Surely it is Christian altruism to say that we should be uncomfortable to have another Thanksgiving dinner unless some of the crooked place are made straighter than they are now. There are various schemes in my mind which I would like to suggest. I do not feel myself, as the old minister did, that nine-tenths will be damned. Many are doing very well, but they do need help, just as our early politics needed help. The heart of the nation needs to be brought to this modern problem in the same spirit of patriotic endeavor as it was brought to the early problem and we have no right to say all is well until we have made this effort. We are at least bound to give our minds to it, to give our endeavor to it, steadily and systematically as becomes patriotic men and women.

Addams’ speech was received to “much applause,” but the program turned again to the light-hearted and humorous, before the “assemblage sang a popular song and dispersed.”

“Call Back Old Times,” Inter-Ocean, Nov. 23, 1894, p. 4.



Did She Really Say That? Jane Addams Quotes on the Web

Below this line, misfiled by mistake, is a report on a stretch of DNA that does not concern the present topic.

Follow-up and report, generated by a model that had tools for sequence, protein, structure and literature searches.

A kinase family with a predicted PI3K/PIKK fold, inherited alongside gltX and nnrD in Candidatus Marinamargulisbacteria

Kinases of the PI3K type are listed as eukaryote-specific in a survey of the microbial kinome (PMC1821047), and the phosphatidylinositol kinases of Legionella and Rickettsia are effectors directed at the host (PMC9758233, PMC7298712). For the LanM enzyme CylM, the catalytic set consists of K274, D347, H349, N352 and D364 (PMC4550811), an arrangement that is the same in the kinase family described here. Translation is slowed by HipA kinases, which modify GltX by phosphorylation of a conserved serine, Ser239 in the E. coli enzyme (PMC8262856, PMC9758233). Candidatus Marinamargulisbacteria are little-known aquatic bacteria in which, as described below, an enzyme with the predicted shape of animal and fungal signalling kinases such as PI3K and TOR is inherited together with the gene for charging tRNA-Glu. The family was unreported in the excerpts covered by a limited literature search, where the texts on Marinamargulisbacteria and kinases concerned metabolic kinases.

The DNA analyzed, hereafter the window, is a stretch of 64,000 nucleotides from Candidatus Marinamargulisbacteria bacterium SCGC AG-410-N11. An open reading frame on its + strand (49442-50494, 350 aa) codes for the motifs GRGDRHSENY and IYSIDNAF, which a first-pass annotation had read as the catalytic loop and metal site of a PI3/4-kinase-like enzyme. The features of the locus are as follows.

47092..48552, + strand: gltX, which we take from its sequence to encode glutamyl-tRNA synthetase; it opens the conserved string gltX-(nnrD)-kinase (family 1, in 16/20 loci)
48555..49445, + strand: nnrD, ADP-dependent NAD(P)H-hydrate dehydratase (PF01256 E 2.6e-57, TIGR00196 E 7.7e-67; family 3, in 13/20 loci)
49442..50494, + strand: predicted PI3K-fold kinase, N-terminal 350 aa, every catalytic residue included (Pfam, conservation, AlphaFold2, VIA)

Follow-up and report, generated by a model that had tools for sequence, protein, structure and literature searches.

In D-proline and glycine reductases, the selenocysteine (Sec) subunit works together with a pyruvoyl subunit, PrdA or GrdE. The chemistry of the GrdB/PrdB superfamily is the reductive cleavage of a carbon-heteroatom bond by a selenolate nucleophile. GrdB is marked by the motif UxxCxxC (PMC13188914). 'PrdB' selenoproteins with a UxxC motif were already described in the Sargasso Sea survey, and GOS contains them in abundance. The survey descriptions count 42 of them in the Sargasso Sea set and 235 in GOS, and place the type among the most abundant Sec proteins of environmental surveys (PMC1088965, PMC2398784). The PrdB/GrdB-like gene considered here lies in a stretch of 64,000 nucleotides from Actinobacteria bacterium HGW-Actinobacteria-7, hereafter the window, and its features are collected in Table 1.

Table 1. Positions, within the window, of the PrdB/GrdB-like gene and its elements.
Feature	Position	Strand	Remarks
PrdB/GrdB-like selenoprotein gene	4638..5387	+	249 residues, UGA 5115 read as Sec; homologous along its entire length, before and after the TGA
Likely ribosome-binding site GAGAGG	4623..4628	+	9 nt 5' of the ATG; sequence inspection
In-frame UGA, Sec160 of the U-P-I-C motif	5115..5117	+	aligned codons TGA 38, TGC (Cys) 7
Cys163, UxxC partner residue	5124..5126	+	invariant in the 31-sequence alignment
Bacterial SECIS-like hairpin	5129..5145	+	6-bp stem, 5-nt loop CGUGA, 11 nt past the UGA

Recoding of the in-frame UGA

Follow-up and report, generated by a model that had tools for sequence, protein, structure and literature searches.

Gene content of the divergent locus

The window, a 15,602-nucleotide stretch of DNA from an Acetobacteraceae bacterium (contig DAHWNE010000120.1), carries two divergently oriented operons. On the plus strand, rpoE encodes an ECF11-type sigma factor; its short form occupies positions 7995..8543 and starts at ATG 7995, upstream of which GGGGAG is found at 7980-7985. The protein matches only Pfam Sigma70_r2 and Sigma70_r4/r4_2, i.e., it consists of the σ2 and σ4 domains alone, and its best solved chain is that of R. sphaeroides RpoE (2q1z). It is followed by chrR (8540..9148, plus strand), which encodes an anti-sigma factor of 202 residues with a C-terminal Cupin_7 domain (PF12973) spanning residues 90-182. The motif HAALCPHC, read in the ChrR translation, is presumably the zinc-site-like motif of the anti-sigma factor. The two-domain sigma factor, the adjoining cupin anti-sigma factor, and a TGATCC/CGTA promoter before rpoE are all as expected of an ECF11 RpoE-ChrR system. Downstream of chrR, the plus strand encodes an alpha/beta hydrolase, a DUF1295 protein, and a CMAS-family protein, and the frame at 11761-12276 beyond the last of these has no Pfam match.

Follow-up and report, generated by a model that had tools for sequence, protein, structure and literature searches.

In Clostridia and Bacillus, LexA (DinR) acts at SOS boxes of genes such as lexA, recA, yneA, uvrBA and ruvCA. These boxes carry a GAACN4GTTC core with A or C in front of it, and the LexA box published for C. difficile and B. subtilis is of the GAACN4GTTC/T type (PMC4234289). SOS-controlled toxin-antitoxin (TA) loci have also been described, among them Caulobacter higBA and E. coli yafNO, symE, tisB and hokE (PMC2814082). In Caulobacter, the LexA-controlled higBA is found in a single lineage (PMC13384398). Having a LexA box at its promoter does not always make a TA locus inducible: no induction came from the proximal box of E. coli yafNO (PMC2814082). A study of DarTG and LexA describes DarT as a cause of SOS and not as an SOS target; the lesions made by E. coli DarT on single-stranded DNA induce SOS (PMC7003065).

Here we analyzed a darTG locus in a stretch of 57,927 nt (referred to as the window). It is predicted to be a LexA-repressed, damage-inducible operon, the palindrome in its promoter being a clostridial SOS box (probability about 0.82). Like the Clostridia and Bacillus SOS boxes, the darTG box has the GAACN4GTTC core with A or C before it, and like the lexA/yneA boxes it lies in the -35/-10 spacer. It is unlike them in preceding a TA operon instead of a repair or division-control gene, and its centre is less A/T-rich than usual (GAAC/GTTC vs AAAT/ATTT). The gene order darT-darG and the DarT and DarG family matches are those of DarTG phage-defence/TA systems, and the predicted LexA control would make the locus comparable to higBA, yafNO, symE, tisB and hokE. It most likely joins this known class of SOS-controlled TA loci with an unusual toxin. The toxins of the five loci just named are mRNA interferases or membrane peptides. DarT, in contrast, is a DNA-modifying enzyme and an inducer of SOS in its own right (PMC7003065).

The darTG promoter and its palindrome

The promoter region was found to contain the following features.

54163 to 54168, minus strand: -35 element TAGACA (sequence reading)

John Oliver on Last Week Tonight

A few weeks ago on Last Week Tonight,”  John Oliver lampooned the growing use of “historical” quotes as a means of legitimizing current political opinion. While this is by no means a new problem, it has gone viral through the use of memes, such that, as Oliver said, “If you have the right font and the right photo, any quote can seem real.” Oliver proceeded to put up a website (http://www.definitelyrealquotes.com/) with a set of historical photos randomly combined with dubious quotes.

While Jane Addams doesn’t appear on his site (Marie Curie and Amelia Earhart do), you can find many lists of Jane Addams’ quotes and illustrations, most noble-sounding and completely unattributed. How many of them are accurate? It can be difficult to be certain that someone did not say something, and until we are able to transcribe the entire corpus of Addams’ work, we can only offer initial results–but there are enough problems that you should be wary.